DeManuelle’s studio table:

photo:  Melissa Starke

“I’m referencing what I’m looking at,” said DeManuelle of her driftwood. “I was going back and forth with charcoal and oil paint and leaving some bits uncovered so everything isn’t thick.”

And the inspirational driftwood:

Photo: Melissa Starke

“The driftwood is the star now,” says DeManuelle with a big smile.

Check out previous posts about Stephanie DeManuelle’s work:

Watch it here! The fine art of Stephanie DeManuelle

Fine Art as Book Art

 

Ellenbogen films what the eye can’t see

By , August 20, 2013 2:05 pm

There was a lot of talk about “swimming with the fishes” in Boston this summer as the trial of famed mobster “Whitey” Bulger got underway. But underwater photographer Keith Ellenbogen really was swimming with marine animals of an amazing sort.

For  New England Aquarium‘s 2013 ad campaign. Ellenbogen’s  high-speed images of a lionfish, blacknose shark and a ballonfish were so riveting, Aquarium officials decided to broaden the campaign from print and web to include television. Ellenbogen is an incoming assistant professor in FIT’s photography department.

Ellenbogen made his name by filming not only what the eye sees but what it doesn’t. Using special cameras, he can slow down motion or speed it up. He can also provide lighting, shadow and contrast that the human eye would not normally be able to adapt to.

“Many of the most beautiful and awe-inspiring behaviors of the ocean’s creatures are simply too fast and too rare for the human eye to directly observe,” says Ellenbogen. He partnered with an MIT physicist and used a camera that’s employed to slow down the motion of Olympic athletes. “We realized that these awe-inspiring but nearly-invisible moments could be revealed through the lens of an ultra-high-speed camera.”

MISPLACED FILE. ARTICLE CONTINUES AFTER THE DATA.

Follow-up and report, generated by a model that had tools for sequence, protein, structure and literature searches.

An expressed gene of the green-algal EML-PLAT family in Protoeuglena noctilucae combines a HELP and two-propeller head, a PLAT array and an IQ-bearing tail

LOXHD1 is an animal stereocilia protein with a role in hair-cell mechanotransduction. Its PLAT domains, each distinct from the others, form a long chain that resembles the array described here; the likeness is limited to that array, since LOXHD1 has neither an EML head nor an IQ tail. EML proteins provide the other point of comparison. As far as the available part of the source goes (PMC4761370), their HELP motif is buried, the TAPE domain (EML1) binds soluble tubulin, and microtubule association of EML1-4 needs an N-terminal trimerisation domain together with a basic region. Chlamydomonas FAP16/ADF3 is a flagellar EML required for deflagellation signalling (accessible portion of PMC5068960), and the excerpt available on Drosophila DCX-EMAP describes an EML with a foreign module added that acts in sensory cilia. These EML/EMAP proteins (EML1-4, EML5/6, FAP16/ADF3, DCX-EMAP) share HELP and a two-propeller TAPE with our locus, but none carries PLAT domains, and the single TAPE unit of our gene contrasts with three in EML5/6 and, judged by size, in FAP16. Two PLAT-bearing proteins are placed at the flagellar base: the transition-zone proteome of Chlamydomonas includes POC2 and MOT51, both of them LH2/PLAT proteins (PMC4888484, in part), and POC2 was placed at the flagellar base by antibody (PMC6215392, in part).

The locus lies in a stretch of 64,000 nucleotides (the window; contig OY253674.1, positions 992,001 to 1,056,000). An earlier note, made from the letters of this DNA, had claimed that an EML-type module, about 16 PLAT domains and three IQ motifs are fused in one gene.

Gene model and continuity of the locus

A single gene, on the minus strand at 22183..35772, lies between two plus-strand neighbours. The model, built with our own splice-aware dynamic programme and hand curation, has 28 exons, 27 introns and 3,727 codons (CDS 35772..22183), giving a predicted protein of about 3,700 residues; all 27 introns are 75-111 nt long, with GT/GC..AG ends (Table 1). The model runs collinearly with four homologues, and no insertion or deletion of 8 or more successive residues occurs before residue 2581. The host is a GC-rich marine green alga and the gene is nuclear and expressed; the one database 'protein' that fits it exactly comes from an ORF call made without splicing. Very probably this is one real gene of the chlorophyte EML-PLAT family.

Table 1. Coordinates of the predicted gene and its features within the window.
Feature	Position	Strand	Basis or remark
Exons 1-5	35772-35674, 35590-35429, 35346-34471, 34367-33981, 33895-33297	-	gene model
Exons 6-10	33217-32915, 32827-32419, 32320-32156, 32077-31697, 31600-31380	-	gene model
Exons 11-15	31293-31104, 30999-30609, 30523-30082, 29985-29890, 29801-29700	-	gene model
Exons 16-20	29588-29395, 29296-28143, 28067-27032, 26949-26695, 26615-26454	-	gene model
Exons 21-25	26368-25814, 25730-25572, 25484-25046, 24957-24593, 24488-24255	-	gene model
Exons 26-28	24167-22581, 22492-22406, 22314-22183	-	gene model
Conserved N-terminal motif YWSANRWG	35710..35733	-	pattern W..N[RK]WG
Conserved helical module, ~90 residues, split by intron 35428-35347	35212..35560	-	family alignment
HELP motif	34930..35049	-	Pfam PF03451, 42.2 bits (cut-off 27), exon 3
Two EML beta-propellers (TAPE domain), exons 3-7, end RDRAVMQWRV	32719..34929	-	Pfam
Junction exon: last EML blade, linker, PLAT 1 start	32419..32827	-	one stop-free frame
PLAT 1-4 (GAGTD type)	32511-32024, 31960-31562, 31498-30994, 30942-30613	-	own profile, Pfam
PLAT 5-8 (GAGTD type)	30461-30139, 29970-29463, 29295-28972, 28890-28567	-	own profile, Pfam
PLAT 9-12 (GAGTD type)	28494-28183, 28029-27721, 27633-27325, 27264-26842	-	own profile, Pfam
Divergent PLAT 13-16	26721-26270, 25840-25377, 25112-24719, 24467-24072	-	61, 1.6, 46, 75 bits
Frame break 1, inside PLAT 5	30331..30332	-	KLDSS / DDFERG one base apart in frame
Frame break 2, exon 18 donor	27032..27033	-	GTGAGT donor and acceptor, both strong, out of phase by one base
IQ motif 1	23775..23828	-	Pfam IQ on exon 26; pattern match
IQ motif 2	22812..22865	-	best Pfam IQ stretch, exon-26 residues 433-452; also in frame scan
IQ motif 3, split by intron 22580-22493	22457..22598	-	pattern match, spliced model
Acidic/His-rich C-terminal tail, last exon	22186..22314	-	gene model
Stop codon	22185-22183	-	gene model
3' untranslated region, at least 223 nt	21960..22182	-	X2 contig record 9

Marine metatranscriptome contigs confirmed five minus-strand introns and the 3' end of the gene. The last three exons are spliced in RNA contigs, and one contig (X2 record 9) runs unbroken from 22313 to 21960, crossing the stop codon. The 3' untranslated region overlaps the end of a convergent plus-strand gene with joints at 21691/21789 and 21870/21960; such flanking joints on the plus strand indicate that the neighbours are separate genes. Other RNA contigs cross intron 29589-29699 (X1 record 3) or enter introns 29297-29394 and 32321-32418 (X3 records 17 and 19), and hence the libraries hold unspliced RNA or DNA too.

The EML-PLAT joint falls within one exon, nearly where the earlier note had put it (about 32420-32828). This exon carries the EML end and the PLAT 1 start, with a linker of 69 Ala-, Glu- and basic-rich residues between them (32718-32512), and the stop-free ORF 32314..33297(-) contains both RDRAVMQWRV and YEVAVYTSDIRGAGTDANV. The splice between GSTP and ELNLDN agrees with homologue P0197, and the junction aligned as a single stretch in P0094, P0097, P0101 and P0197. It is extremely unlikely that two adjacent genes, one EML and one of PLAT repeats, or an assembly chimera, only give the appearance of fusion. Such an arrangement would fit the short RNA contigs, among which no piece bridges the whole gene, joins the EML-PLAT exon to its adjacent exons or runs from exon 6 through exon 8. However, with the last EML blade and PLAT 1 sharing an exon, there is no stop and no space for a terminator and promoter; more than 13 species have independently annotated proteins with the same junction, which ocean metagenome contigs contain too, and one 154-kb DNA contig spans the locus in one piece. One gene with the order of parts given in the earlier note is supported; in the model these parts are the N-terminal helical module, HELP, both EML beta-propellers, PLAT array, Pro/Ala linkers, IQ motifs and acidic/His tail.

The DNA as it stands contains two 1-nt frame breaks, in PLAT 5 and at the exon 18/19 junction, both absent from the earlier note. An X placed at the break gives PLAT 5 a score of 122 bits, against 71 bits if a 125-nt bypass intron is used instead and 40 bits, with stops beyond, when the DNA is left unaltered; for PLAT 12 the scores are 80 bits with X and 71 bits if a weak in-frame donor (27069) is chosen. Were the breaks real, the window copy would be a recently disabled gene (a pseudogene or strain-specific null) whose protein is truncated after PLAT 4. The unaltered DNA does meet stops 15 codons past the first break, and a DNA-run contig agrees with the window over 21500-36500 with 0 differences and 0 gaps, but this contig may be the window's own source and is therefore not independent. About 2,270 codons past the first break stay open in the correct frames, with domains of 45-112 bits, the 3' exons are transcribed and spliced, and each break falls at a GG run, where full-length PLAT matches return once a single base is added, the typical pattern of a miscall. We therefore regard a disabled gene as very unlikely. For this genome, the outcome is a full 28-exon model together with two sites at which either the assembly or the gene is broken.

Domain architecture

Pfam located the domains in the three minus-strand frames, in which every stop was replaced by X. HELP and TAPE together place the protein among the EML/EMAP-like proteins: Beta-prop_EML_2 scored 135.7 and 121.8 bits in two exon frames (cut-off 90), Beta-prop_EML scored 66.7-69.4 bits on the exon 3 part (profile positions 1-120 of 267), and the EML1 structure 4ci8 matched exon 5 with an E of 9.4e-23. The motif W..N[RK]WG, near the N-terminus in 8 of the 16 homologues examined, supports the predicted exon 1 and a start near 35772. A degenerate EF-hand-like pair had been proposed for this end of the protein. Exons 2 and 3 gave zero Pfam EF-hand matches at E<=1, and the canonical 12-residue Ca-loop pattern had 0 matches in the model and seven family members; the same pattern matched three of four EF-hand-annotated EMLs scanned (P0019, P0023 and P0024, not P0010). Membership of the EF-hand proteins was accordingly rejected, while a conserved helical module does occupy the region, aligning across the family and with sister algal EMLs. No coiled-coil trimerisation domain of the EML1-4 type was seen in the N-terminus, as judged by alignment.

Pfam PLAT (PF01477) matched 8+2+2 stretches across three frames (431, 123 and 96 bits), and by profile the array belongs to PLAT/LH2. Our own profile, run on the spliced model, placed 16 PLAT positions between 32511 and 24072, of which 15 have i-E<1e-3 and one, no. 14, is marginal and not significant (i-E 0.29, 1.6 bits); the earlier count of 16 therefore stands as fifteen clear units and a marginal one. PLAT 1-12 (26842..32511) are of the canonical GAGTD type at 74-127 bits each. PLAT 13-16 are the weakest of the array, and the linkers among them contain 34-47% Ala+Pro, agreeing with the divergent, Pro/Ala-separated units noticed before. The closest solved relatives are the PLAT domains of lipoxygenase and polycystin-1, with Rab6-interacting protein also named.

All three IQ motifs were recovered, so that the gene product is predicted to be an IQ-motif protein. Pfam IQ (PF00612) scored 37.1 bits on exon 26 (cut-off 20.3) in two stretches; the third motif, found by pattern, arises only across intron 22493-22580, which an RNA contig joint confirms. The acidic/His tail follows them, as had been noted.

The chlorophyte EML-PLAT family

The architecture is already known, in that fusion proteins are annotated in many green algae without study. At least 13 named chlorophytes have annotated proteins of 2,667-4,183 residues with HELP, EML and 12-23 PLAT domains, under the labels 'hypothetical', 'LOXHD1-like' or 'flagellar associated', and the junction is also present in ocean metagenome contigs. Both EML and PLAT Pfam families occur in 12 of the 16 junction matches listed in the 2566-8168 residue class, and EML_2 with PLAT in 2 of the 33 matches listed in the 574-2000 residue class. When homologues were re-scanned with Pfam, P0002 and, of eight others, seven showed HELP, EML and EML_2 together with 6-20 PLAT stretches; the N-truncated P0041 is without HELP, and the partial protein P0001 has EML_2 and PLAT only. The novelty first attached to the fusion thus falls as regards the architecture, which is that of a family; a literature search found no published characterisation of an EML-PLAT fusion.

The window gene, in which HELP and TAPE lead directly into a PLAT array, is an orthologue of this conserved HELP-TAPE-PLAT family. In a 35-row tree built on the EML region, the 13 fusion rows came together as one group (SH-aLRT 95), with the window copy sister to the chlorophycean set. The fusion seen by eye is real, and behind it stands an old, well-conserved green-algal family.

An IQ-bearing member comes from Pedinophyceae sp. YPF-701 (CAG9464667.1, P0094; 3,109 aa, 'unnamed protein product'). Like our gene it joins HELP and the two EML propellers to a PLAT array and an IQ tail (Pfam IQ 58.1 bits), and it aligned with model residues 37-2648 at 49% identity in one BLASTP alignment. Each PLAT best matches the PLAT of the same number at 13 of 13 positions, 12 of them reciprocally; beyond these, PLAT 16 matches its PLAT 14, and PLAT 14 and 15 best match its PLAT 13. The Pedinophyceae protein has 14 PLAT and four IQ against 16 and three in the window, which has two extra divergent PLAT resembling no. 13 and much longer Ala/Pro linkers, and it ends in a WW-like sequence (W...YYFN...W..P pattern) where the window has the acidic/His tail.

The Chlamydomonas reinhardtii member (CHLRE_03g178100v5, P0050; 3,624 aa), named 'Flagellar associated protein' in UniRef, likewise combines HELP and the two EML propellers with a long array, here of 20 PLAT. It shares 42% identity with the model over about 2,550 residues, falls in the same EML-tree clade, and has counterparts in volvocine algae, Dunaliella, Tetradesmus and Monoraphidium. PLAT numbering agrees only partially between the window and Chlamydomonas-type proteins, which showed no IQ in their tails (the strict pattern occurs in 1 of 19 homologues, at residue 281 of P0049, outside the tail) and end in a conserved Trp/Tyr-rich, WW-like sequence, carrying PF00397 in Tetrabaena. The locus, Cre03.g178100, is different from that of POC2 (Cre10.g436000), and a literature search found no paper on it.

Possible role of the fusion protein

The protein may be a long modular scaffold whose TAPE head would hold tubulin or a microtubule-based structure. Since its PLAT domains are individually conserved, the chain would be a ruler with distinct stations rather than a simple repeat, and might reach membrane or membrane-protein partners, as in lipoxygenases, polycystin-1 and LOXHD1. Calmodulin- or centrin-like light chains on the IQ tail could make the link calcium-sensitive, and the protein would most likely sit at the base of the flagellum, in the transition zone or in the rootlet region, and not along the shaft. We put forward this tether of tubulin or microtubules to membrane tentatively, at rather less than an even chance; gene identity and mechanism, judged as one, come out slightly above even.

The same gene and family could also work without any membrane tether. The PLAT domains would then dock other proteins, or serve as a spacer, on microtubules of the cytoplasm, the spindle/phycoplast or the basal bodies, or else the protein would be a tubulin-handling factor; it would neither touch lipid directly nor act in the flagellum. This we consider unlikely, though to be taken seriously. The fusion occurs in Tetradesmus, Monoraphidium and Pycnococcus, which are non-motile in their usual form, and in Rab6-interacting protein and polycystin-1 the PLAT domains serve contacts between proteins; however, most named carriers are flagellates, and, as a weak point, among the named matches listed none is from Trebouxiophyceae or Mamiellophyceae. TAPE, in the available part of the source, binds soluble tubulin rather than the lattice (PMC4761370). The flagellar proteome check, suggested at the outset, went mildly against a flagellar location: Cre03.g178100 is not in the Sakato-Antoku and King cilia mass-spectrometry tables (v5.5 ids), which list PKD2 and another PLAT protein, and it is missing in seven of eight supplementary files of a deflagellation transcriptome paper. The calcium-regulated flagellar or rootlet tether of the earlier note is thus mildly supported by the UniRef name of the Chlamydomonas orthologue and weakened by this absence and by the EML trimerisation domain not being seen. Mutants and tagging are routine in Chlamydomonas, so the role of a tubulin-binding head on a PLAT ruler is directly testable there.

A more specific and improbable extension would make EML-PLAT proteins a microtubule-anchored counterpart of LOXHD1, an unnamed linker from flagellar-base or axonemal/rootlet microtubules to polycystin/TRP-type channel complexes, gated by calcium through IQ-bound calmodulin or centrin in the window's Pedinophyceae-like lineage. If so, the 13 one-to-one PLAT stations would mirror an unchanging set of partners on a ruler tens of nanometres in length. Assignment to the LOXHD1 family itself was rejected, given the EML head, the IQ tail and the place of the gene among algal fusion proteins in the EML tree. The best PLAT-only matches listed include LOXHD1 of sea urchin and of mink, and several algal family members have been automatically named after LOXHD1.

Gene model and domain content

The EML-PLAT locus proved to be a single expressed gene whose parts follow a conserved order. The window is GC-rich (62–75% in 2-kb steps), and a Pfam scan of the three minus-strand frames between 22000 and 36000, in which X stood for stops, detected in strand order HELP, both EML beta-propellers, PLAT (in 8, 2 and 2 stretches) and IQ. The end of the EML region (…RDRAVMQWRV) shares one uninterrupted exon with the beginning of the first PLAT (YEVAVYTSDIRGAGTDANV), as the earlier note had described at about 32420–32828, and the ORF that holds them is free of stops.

Tony LaCasse, director of media relations for the New England Aquarium, says that Ellenbogen’s  work helps to “present the mysterious world of the oceans and its creatures to a mass audience.”

On dry land this fall, Ellenbogen will be teaching introduction to photography,  research for senior design projects , and photography basics for non-majors.  It’s different terrain from the New England Aquarium’s Giant Ocean Tank,  home to the blacknose shark he filmed, as well as to 2,000 other animals including rays, eels, sea turtles and fishes.

Among the videos not used for the campaign, but available on the Aquarium website, shows a cuttlefish catching its prey.

Ellenbogen says his work and teaching “explores how we can use photography and videography to address environmental and social issues.  I believe in empowering students to explore their own creativity and point of view.”